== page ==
Testing the gap distance between Kassel Kerbs and Public Service Vehicle boarding steps

Abstract.
This work examines the applicability of Kassel Kerbs (Profilbeton GmbH, Friedensstra├če 1, D - 34590 Wabern and UK agents, Lafarge Redland Precast, Six Hills, Melton Mowbray, LE 143 PD Leicestershire) to be able to attain a 50-75mm boarding gap for Public Service Vehicles (PSVs) as required by Transport for London (TfL) for proposed 'Intermediate Mode' routes. Tests using a simulated PSV loading step and installed 180mm Kassel Kerbing were used to prove that the requirement is entirely attainable.
 

Method. To simulate a PSV loading step, a batten of wood was securely attached to the loading area of the interior of a Ford Transit van (figure1). The loading door was locked open. The batten was aligned horizontally with the outer face of the front and rear wheel hub covers. The batten bottom edge was 290mm from the road surface. This set-up was not adjusted during the test period.
 
Test. Using the Kassel kerb installation at the junction of the Upper Ham Road and Ham Common, towards Richmond-upon-Thames, the tests were carried out between 12.45 and 13.45 on Sunday, 25th March 2001. The conditions were dry at approximately 10 degrees ambient temperature. Runs were made repeatedly and measured after each attempt. Runs 1-3 were by a PSV driver with previous experience of using Kassel Kerb stopping. Runs 4 & 5 were by a driver having no previous experience of Kassel Kerb use, but attempting to draw in as close as possible. Runs 6 & 7 were done at above standard speed, and thus, through instinctivness, not using the self-guiding qualities of the kerb. Runs 8,9,11 &12 attempted to simulate standard service conditions. Run 10 was to achieve tightest possible alignment.

Kassel Kerb/PSV boarding step distance test

run

distance

driver

remarks

photograph

1

49

dw

2

41.5

dw

3

41

dw

4

33.5

ab

alternate driver

5

29

ab

alternate driver

fig.2

6

116

dw

at speed

7

83

dw

at speed

8

70

dw

fig.3

9

49

dw

fig.4

10

32.5

dw

to achieve tightness

11

62

dw

as a normal run

12

50.25

dw

as a normal run

 

average

54.73

Remarks. No difficulty was experienced achieving the required gap, except at additional speed. The self-guiding quality of the kerb design was readily experienced by both drivers, and whilst not as repeatedly accurate as rail guidance, was regarded as easily attainable. Achieving a 40-50mm gap was considered to demand extra drive concentration. Achieving 50-75mm gap was considered repeatable in daily PSV service conditions. The absolute minimum gap of 29-31mm was achieved only by the driver demonstrating determined overcoming of the inertia and gravity effects of the kerb design. Only in these extreme, but not unobtainable conditions, would tyre wear occur.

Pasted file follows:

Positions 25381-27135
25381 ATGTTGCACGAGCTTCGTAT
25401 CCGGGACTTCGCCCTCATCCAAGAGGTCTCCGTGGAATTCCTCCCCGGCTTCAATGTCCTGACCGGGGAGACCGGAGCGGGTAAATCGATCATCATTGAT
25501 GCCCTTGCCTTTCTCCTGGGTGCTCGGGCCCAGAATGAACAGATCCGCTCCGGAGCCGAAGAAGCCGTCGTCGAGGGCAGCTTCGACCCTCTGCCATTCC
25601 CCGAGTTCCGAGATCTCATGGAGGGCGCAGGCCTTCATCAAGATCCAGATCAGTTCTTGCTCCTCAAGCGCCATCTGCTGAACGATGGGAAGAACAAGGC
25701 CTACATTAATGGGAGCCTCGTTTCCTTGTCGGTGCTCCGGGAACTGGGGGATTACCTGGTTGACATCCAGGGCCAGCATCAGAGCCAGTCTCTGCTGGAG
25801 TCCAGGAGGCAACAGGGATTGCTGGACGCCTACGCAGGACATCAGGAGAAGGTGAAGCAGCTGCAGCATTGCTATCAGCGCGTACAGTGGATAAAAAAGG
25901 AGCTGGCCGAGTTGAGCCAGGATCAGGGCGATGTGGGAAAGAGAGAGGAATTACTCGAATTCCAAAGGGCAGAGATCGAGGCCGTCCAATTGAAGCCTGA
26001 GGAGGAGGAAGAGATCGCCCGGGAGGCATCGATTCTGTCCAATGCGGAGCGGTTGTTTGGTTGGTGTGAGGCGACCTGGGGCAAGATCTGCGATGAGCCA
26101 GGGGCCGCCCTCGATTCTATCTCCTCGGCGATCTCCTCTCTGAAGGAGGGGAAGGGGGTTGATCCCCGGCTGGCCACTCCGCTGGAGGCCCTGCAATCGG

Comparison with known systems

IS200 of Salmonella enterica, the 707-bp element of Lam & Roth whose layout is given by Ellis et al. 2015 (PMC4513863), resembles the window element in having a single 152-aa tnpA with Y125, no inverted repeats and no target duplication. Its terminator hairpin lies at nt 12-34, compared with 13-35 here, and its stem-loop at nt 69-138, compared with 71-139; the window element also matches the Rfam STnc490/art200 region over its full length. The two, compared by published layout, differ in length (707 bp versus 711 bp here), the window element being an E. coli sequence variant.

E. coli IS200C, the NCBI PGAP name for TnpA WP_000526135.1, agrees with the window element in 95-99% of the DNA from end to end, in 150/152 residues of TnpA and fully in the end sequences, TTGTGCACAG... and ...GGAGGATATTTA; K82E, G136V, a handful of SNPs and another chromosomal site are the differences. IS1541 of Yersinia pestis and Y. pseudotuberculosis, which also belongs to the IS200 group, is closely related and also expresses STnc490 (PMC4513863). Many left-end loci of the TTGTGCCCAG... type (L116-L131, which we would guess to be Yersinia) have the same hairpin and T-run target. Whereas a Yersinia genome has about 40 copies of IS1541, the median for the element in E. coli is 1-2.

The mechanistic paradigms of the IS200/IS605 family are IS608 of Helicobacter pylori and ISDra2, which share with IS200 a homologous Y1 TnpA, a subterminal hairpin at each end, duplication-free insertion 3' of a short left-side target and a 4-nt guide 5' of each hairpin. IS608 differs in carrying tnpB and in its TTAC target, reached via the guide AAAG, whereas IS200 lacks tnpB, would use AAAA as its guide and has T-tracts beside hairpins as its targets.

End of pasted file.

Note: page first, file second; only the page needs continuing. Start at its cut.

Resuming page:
Random interviews with drivers on the 65 service (Armchair Travel) suggested little knowledge of the purpose of the kerbs or concern about protruding wheel nuts coming into contact with the kerbs. (This was not possible with 180mm high Kassel Kerbs, as installed). It is further understood that operators have concerns about additional costs being incurred by repeated close contact with the kerbs, due to additional tyre wear. Close monitoring of tyre wear, after driver instruction and training in the proper use of Kassel Kerbs, would provide an indication of the likelihood of tyre wear. It is, however, the opinion of the drivers of this test, that proper use of Kassel Kerbs to consistently achieve a 50-75mm loading gap, would not result in undue tyre wear. Tyre changing, at regular intervals, is further likely to nullify any tyre wear effects.
 
Summary. Without special skills but with due care, it is possible to repeatedly attain a distance between a Kassel Kerb outer top edge and a PSV loading step outer top edge, of between 50 to 75mm. (This compares with the 80mm gap between the platform and boarding step of Bombardier railcars used on the Croydon 'Tramlink'.) The repeated use of Kassel Kerbs as outlined above, is unlikely to produce additional tyre wear. With proper design of vehicles and driver training, this practice would provide customers with a better quality of service.

Ashley Bruce MaRCA. DipAD
David Wilsher